Sunday, August 8, 2010
Skirting Disaster and Working Hard
6am I'm driving the hour it takes from home to get to the first location, the car is full of equipment, tracks, board dolly, jib arm, counter weights, Black 70% Shade Cloth (great for negative lighting windows/doorways). The camera gear and lights are already at the location, picked up by Frankie, the lead actor and I'm pumped, ready for a great day of shooting. The weather is perfect, and the location is fantastic, everything is great...until I realise that I've left the HD tapes at home.
What a rookie mistake, what a complete amatuer move, I was swearing at myself in my head with a lot more choice words than that. I decided to drive the final 15 min and drop off the gear and see if anyone from the crew is still back in town and could pick them up from home.
Negative ghost rider, too late. So I dropped off the gear, made the actors comfortable, apologised profusely, swore at myself some more, and drove the hour back home. Picked up the tapes, got back in the car, drove back to the location.
9am. I arrive back at the location, set up the gear, and discovered the production house who we hired the camera gear from had not given us a shotgun mic. I checked the invoice, I had paid for one, they hadn't included it, but had told Frankie it was in the bag...
I'd already lost 3 hours, what to do! Hit the phones, call every Soundie in my contacts, who had a mic? Got a mate back in town who had one but wasn't able to run it in to us...Back in the car, hour there, hour back.
5 hours behind schedule, early afternoon, light fading, not a single frame recorded and we had a night shoot to get to by 7pm at another location in Brisbane, 1 hour's drive from where we were.
It is a testament to the professionalism of my cast, and my crew that we got it done. Sharon Grimley, who had been cast three days previously was amazing. The rapport she had with Frankie was so heartening, and made the scene real. Frankie powered through and showed a softness and depth to his character that will make his cold killer three dimensional.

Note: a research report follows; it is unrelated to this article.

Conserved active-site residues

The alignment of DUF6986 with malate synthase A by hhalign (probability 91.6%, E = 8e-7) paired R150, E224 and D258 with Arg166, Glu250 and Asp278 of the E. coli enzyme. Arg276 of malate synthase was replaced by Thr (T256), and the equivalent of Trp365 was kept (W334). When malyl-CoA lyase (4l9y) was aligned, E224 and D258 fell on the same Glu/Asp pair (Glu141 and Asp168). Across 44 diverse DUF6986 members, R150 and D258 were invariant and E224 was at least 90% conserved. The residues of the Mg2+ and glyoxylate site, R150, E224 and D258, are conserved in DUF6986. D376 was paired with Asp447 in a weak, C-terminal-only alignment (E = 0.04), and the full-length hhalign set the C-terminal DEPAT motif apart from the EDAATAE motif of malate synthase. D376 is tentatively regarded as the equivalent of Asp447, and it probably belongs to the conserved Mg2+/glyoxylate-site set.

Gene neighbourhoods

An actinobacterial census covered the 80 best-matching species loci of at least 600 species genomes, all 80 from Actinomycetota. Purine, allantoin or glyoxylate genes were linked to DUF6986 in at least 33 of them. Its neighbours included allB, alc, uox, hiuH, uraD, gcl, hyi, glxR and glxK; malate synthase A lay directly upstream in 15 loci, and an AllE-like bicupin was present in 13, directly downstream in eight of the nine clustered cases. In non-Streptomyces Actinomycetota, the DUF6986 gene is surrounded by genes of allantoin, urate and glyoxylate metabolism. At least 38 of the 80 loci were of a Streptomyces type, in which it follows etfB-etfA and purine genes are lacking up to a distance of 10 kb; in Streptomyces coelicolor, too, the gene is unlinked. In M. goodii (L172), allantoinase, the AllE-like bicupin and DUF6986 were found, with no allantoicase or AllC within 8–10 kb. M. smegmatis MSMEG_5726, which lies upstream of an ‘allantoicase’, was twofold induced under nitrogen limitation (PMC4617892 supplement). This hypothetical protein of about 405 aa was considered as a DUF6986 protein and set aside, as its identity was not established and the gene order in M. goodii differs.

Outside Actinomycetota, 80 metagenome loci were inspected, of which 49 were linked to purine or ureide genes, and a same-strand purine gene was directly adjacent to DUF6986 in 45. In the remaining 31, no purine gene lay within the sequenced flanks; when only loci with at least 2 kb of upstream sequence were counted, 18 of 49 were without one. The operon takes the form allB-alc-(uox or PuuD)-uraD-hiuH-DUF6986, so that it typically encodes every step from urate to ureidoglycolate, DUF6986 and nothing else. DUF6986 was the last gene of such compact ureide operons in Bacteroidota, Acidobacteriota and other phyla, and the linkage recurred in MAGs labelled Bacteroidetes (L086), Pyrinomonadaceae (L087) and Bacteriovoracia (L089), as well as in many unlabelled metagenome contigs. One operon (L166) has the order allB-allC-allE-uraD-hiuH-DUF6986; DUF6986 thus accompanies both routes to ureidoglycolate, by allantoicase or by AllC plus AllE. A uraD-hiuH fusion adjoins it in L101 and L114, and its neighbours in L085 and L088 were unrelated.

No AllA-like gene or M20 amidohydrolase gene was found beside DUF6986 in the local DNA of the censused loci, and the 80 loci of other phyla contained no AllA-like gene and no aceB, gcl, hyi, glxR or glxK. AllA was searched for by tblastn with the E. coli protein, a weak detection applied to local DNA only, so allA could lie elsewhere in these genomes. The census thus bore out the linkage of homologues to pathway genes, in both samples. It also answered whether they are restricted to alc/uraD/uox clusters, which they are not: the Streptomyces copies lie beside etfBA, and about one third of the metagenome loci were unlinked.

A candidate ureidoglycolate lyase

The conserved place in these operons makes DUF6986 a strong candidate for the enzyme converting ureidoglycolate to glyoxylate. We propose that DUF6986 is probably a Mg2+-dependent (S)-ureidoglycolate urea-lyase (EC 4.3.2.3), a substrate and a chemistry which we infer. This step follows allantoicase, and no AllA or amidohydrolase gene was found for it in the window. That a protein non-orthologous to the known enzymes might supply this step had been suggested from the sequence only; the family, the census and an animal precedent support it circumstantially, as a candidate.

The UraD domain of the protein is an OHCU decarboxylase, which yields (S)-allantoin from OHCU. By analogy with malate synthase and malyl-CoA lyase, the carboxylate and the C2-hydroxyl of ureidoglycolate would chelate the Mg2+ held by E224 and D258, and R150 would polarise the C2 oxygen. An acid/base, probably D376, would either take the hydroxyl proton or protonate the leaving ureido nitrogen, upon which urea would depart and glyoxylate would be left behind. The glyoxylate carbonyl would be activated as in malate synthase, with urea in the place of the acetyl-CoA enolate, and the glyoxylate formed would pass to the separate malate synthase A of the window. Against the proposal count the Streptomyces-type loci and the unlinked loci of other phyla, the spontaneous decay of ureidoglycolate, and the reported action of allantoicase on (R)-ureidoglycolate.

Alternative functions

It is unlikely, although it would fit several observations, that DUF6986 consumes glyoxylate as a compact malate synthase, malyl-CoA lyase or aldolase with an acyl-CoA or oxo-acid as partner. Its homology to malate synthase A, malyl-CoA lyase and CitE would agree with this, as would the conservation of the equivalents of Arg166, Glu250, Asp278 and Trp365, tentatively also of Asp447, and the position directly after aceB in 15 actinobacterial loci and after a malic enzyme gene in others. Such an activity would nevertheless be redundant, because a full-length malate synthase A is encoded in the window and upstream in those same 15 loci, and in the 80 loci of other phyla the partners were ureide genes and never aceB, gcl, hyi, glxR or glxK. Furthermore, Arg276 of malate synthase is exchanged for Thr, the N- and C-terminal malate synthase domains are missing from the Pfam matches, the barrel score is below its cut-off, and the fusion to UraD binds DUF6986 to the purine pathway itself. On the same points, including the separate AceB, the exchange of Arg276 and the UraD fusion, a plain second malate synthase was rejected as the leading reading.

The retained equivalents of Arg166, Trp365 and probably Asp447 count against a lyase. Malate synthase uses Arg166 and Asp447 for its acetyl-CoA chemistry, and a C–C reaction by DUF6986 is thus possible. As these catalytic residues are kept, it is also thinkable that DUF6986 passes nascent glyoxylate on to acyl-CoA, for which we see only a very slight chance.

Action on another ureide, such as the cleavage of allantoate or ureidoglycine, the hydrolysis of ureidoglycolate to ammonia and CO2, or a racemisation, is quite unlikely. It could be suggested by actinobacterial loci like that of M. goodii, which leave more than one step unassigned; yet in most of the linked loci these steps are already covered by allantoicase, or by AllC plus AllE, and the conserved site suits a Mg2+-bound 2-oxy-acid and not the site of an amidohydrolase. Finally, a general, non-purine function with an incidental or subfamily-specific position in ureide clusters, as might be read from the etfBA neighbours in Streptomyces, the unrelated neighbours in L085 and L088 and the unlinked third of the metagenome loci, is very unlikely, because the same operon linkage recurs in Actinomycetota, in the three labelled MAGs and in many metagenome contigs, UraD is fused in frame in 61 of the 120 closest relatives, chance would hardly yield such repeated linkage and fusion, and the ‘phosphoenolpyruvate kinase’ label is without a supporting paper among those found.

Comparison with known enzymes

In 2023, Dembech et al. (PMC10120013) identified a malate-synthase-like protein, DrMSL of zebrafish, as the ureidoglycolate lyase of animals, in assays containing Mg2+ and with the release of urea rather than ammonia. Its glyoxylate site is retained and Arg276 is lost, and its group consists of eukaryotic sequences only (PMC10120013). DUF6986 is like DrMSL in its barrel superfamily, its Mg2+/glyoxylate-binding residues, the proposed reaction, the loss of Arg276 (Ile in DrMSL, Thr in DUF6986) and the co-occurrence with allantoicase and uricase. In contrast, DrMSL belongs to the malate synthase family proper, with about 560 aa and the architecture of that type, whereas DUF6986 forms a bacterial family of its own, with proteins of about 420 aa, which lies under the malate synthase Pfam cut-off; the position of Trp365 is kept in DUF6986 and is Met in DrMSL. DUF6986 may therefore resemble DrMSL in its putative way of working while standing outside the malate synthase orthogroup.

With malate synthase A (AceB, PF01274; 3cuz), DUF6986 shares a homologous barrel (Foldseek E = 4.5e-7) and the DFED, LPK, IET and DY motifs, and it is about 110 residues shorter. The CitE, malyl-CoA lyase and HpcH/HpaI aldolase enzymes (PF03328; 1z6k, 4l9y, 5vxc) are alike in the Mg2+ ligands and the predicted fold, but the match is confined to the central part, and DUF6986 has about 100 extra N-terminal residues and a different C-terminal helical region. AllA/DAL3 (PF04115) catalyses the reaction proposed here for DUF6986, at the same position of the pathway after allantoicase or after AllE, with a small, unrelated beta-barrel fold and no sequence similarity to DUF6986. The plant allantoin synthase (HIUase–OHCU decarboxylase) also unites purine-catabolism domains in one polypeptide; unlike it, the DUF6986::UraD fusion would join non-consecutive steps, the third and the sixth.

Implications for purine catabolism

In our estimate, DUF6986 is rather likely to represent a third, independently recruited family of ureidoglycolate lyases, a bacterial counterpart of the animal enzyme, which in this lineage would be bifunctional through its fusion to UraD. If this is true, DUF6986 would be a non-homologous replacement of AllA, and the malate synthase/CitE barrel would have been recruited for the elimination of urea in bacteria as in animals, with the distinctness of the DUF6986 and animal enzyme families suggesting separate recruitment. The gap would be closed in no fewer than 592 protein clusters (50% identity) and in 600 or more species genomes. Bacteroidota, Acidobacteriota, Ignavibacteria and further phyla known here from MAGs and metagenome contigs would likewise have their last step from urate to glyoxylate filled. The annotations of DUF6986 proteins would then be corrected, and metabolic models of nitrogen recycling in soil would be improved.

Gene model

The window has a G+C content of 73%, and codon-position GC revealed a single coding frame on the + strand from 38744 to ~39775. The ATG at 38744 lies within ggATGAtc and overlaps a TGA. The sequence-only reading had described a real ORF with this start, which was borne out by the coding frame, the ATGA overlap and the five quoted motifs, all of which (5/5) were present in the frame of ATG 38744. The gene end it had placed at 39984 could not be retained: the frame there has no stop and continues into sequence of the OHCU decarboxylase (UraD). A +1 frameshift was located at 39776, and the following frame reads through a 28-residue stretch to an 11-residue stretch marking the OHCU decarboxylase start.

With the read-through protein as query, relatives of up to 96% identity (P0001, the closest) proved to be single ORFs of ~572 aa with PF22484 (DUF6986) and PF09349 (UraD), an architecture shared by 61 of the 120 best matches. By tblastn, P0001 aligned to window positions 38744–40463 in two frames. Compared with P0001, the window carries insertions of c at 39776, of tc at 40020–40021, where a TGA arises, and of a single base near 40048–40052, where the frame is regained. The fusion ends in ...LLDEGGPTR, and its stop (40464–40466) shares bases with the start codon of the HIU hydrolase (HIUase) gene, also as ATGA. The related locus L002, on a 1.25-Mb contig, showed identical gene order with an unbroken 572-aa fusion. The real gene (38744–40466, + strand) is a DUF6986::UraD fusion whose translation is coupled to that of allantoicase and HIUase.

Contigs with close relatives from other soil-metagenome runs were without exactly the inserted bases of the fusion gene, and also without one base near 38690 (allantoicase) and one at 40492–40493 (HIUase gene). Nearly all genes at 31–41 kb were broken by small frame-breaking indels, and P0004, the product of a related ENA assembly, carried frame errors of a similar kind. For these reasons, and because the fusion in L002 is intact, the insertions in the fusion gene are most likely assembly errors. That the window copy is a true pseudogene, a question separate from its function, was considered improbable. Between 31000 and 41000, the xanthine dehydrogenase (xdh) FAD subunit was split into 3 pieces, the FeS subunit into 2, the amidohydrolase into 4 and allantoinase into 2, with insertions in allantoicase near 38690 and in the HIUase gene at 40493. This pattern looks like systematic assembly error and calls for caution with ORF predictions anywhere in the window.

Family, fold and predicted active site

My brother in law was my only crew member for this part of the shoot and he was brilliant, his work ethic and his involvement in this film helped me through when my spirit was flagging. When your crew are busting their ass to make this work, you work harder so as not to let them down, and together we got it in the can.
Low budget indie film making, ultra minimal crew, one day to shoot it due to cast availability, we worked hard and got it done. While we were doing this, the large cast was assembling at the Brisbane location to prepare make up and costume. Alison Green, who was a non speaking role actually had Assistant Director experience, and took charge and fed, watered and organised the crew at location 2, while we were at location 1.
Desiree Voglesang was our makeup artist there, who actually worked on Narnia: Voyage of the Dawn Treader, her experience was invaluable! The bloodied victims were disgustingly good!
We made it to the night shoot, to be told the club location where we expected to shoot till 11pm was actually shutting down at 8.30pm (it was a quiet business night) , we had arrived at 7.15pm. So I quickly shot the one interior scene with Jake Stormoen who had driven two hours to be there for his scene, and arranged for power to be left out the back of the club when it shut down so we could complete the exterior scene.
For the next five hours in freezing cold, we splashed thugs with blood, shot people, got vicious, used the tracks, and worked our way through the shot list that Keith had in his hands, keeping us focused on what was needed. Our armorer fired off our blanks and we had half a film shot.
Sunday was a lot more relaxed, and we got to spend a decent amount of time on the emotional scenes, and explore Frankie's character. He really is a star in the making, with an emotional depth and range that is extraordinary!
Next week is the final three scenes of the film...our location is brilliant and I can't wait to get in there...with tapes and mic of course.